East Worldham St Mary the Virgin, Hampshire

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Location: East Worldham, Hampshire, Englandmap
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East Worldham St Mary, Hampshire

The church of St Mary the Virgin, East Worldham, Hampshire

St Mary the Virgin church at East Worldham stands at the top of Worldham Hill. It is positioned just off the cross roads of a forest track, which led north to Alton.An even older road made by the Romans, connecting Silchester in the north west with Chichester and Fishbourne on the south coast, which passed through East Worldham. Evidence of Roman occupation here is still being found. The present church is of early 13th century origin, but almost certainly replaced an earlier Saxon church on the same site. The south porch was added in the 19th century and shields an early English doorway. On the left hand jamb are crosses carved by early travellers, possibly pilgrims on their way to Canterbury. On both sides of this doorway are scratch dials, which indicated the times of the masses. The left hand dial was shaded by the sun, when a buttress was built to support the south wall, therefore another was carved on the right hand side. The gnomon from the central hole has long since disappeared. On the east wall there is evidence of the original Norman apse, later replaced by the present square east end, with triple lancet windows. On the north wall of the chancel the Victorian vestry conceals the stairway, which would have lead to the rood loft. On the north and south sides of the nave are early English doorways, the north door being the priest’s entrance. The tower was reconstructed in 1864 – 5 by David Brandon, when the church was completely re-roofed and refurnished. It is a short, square structure surmounted by a wooden bell cote, typical of many Hampshire churches. The bell cote was added to an earlier tower in 1660 and is recorded in a watercolour view of the church from the south west painted by Richard Ubsdell in the 1840′s and now on view in the Portsmouth city museum and art gallery. In the south wall of the nave is a 14th century effigy believed to be of Phillippa, wife of Geoffry Chaucer. This was found under the floor during the restoration of the church in 1865. Their connection was to Lord of the Manor from 1418 to 1434 and also the ranger of Woolmer and Alice Holt forests.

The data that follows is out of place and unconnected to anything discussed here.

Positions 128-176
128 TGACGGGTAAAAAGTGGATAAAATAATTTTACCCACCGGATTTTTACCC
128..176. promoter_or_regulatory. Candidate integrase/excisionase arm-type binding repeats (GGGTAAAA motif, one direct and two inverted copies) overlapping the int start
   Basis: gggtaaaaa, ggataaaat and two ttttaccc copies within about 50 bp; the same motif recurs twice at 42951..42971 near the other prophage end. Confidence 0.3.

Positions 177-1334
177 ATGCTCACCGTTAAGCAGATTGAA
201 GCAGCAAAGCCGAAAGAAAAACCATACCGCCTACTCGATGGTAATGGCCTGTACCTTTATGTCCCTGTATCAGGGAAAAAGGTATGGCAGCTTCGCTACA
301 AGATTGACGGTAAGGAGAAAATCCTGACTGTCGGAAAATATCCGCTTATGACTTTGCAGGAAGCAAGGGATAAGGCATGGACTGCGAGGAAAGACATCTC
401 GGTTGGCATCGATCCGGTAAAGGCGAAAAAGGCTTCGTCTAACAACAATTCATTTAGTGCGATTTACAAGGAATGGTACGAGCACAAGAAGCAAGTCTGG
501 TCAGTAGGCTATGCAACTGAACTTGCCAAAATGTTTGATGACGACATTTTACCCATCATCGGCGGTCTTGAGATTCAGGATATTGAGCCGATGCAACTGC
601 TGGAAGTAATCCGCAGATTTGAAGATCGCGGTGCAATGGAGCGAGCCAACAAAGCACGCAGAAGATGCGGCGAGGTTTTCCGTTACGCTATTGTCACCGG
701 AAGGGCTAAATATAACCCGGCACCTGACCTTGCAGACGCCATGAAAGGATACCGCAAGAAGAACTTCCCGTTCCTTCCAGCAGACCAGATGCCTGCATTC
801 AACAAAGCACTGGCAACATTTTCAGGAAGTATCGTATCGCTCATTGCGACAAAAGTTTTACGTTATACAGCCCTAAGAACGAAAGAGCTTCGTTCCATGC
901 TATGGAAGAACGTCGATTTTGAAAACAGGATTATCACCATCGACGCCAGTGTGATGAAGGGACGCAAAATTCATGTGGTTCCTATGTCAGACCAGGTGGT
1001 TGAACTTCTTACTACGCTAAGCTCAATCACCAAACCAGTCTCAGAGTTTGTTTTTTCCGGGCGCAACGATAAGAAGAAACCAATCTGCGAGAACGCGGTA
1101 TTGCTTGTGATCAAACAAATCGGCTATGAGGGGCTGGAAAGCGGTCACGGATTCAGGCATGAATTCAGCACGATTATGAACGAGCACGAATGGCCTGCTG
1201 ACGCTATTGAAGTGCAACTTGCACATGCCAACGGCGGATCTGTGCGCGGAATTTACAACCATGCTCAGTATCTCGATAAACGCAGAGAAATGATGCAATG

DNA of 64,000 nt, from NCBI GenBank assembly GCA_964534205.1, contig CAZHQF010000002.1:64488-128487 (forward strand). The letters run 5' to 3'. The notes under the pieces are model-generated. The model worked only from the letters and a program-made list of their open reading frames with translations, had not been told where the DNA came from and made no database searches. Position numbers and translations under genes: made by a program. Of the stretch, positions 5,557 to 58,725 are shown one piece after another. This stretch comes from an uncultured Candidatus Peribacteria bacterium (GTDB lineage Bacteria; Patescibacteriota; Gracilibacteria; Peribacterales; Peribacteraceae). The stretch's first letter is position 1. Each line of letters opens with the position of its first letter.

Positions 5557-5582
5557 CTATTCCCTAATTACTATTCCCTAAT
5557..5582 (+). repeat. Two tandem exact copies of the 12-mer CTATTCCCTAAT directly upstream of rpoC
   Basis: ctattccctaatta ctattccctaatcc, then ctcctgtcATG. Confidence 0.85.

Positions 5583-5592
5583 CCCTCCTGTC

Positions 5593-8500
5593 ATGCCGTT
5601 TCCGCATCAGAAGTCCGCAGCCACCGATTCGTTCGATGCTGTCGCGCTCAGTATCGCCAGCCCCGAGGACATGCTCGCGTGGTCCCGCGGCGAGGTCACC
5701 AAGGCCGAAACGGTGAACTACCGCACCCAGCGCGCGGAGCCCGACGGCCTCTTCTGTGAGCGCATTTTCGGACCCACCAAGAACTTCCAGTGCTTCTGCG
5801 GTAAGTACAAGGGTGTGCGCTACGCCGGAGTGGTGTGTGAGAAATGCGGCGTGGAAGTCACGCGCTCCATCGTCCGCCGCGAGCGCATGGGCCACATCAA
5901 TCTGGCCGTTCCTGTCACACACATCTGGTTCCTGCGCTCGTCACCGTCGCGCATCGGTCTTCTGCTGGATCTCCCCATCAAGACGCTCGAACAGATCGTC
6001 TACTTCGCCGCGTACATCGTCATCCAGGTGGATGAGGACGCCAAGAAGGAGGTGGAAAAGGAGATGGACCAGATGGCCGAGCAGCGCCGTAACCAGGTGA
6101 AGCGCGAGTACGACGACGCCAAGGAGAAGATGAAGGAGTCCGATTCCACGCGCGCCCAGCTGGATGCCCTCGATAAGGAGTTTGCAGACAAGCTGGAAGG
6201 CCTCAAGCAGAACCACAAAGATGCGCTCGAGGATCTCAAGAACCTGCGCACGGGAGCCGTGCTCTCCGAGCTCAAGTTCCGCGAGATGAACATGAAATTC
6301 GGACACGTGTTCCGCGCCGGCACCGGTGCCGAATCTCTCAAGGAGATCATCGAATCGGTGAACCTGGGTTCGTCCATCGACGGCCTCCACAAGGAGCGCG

Phillippa Chaucer

It is believed that the effigy is that of Phillipa Chaucer is based on the wheel symbol, which rests up on her chest. Phillippa came from a Flemish family and her maiden name was Roet, which is the Flemish word for heel. It was the main constituent of the family’s coat of arms. Phillippa and Geoffrey Chaucer were part of the John of Gaunt Household and were married in the 1366. The last historical record of Phillippa places her in Lincoln in 1388. Those who would dispute the authenticity of the Worldham tomb, contend that she ended her life in Spain, a victim of the plague. Were she a sufficient importance for her body to be returned to England for burial, a more prestigious location might have been found. Geoffrey lies in Westminster abbey. Nevertheless, a very strong connection between the Chaucer family and East Worldham is not disputed.

The Arnott Window

The window, in memory of Veronica Amott depicts St.Luke with his symbols of the winged ox and a book; a reference to his gospel.The patron saint of physicians and of artists recalls Veronica’s devotion to medicine and the arts. Her ecumenical faith and her Russian forefathers are represented by the Russian orthodox cross and the rose petals are for the message of the Indian guru, Sai Baba – to help all, serve all and love all. Three interlocking rings containing the ecumenical prayer, UT UNUM SINT (may they be one in spirit and body) occupy the point of the window. The metaphor of the divine presence, the eye in the triangle, echoes Veronica’s and her husband Eric’s lifelong dedication.

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